1. Might face times of unstable business
Recent data suggests nearly 1 in 5 startups fail in the first year. One of the main reasons why is lacking the ability to endure dips in the business. Often, due to circumstances and factors outside of your control (like a global pandemic, for example), small business owners are faced with what feels like a rollercoaster of success and trials.
There can be weeks or even months where business slows down and you’re left scrambling to keep the doors open as you wait for things to pick back up again. It takes a lot of resilience—mentally, physically, and financially—to endure this.
2. Initial big personal investment
If you’re striking out on your own to build a new business, you likely won’t have the benefit of big corporate investors footing the bill for startup costs and employees. You’ll need to be willing to roll up your sleeves to get the business off the ground.
In terms of time, energy, and cash flow, you’ll likely be responsible for churning out the resources needed to get the business off the ground—requiring a lot of hard work and financial risk. All without any guarantee that the business will be successful.
3. Stress and time consuming
Entrepreneurship requires long hours and, at times, little rest. Many small business owners report challenging times where they start to question whether it’s really worth all the effort they’re putting out, and sometimes they may even want to give up altogether.
This can not only be tough on you personally, but can strain other responsibilities and relationships in your life. So it’s important to recognize this is often part of “paying your dues” as an entrepreneur, and make an intentional effort to balance the grind culture of starting a new business with maintaining a healthy work-life balance to avoid burnout.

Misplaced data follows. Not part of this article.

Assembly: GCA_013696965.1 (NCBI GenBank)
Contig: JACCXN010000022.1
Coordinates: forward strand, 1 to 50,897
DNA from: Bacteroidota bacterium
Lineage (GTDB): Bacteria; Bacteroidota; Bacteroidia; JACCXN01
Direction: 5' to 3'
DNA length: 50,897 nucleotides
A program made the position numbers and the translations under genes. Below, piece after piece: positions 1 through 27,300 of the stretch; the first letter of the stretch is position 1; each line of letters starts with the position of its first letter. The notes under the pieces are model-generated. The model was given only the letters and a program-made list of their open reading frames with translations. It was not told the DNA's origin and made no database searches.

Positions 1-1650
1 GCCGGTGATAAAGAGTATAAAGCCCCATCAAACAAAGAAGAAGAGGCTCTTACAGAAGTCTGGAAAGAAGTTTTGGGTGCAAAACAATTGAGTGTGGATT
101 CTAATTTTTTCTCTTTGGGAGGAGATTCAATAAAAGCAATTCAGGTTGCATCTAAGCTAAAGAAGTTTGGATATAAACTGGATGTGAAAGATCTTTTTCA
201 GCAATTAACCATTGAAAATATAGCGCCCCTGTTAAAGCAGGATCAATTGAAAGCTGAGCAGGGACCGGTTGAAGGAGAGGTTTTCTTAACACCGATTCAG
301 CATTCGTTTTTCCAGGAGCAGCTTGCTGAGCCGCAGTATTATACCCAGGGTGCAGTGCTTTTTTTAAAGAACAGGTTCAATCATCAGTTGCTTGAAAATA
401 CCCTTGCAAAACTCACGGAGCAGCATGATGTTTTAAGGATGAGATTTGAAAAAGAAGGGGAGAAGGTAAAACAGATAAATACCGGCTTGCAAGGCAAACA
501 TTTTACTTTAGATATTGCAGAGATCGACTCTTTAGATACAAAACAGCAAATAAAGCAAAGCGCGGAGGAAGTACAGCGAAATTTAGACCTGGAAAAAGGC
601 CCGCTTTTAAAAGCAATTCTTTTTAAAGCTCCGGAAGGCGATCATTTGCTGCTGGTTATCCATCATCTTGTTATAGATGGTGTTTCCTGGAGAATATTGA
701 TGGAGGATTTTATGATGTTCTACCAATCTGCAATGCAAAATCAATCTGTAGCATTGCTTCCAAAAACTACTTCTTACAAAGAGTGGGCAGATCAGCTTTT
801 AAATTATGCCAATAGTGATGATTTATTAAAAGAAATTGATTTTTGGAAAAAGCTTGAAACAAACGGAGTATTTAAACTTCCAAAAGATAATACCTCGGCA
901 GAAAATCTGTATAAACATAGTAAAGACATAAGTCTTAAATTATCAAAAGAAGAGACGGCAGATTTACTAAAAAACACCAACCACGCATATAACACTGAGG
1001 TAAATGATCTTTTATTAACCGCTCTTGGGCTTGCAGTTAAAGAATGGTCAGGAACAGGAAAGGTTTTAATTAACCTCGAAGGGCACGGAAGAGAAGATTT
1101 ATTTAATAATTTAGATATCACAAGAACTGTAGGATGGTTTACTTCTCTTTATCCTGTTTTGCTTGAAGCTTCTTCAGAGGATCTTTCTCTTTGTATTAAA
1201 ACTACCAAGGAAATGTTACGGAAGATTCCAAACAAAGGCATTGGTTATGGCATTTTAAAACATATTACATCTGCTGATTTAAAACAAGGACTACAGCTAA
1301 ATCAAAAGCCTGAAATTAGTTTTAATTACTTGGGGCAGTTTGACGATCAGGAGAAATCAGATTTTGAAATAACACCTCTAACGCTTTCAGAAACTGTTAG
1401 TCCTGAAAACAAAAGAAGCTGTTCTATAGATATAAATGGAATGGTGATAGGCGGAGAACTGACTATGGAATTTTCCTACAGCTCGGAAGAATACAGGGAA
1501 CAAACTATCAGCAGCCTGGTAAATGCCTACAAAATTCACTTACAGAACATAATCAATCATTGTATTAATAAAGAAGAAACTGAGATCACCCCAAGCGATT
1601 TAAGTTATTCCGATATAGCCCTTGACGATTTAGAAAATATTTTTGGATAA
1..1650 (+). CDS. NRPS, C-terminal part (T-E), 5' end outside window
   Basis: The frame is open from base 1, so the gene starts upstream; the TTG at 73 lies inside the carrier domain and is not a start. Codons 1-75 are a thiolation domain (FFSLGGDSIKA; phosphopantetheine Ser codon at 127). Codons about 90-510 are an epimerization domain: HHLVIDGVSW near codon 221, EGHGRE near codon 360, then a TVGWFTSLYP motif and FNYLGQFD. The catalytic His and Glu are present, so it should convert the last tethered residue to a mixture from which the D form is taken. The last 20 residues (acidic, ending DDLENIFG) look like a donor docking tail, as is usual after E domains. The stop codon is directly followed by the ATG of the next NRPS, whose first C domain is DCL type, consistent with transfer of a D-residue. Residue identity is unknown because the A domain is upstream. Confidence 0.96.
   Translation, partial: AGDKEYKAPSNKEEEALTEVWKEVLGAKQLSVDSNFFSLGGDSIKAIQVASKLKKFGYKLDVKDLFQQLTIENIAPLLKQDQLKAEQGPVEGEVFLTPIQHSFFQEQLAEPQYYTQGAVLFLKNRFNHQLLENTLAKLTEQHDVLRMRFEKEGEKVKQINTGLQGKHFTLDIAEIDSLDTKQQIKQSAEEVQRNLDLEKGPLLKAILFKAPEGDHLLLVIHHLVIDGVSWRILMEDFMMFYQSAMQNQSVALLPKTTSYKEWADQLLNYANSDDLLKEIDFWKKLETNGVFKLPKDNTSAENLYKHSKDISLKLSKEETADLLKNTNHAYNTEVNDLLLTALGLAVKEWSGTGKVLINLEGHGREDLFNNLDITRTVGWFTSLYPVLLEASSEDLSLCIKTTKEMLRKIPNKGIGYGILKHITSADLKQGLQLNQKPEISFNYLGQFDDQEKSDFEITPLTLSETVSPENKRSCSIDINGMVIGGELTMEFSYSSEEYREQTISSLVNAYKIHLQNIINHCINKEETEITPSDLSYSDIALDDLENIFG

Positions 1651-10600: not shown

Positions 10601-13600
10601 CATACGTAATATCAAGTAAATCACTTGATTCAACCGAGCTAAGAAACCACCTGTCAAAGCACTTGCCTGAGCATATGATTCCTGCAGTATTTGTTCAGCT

4. Managing finances and legal duties
Checking all the boxes required to legally start and operate a new business can be a daunting task. And it doesn’t stop there. Federal, state, and local governments each have their own regulations to maintain compliance—and these change frequently.
There’s also small business tax obligations and HR rules and regulations you’ll need to familiarize yourself with when hiring employees. Put simply: You’ll be responsible for figuring out and managing many things that are often provided for you as an employee at a larger company.
Is owning a small business worth it?
Small business ownership comes with both advantages and disadvantages. On the one hand, owning a small business can be financially rewarding and can provide you with a sense of accomplishment. On the other hand, owning a small business can require a lot of hard work and can be quite risky. Ultimately, whether or not a small business is worth it will depend on your motivations and goals. While small business ownership can be a great way to be your own boss and realize your dreams, it can also be a risky endeavor with no guarantees.
At Practice, we understand the challenges of running a small business. That’s why we created a customer-relationship-management (CRM) platform to help coaches and small business owners streamline the day-to-day tasks of being a solopreneur. You can securely store client data, send messages and documents, schedule meetings, receive payment, and more. Start your free trial today.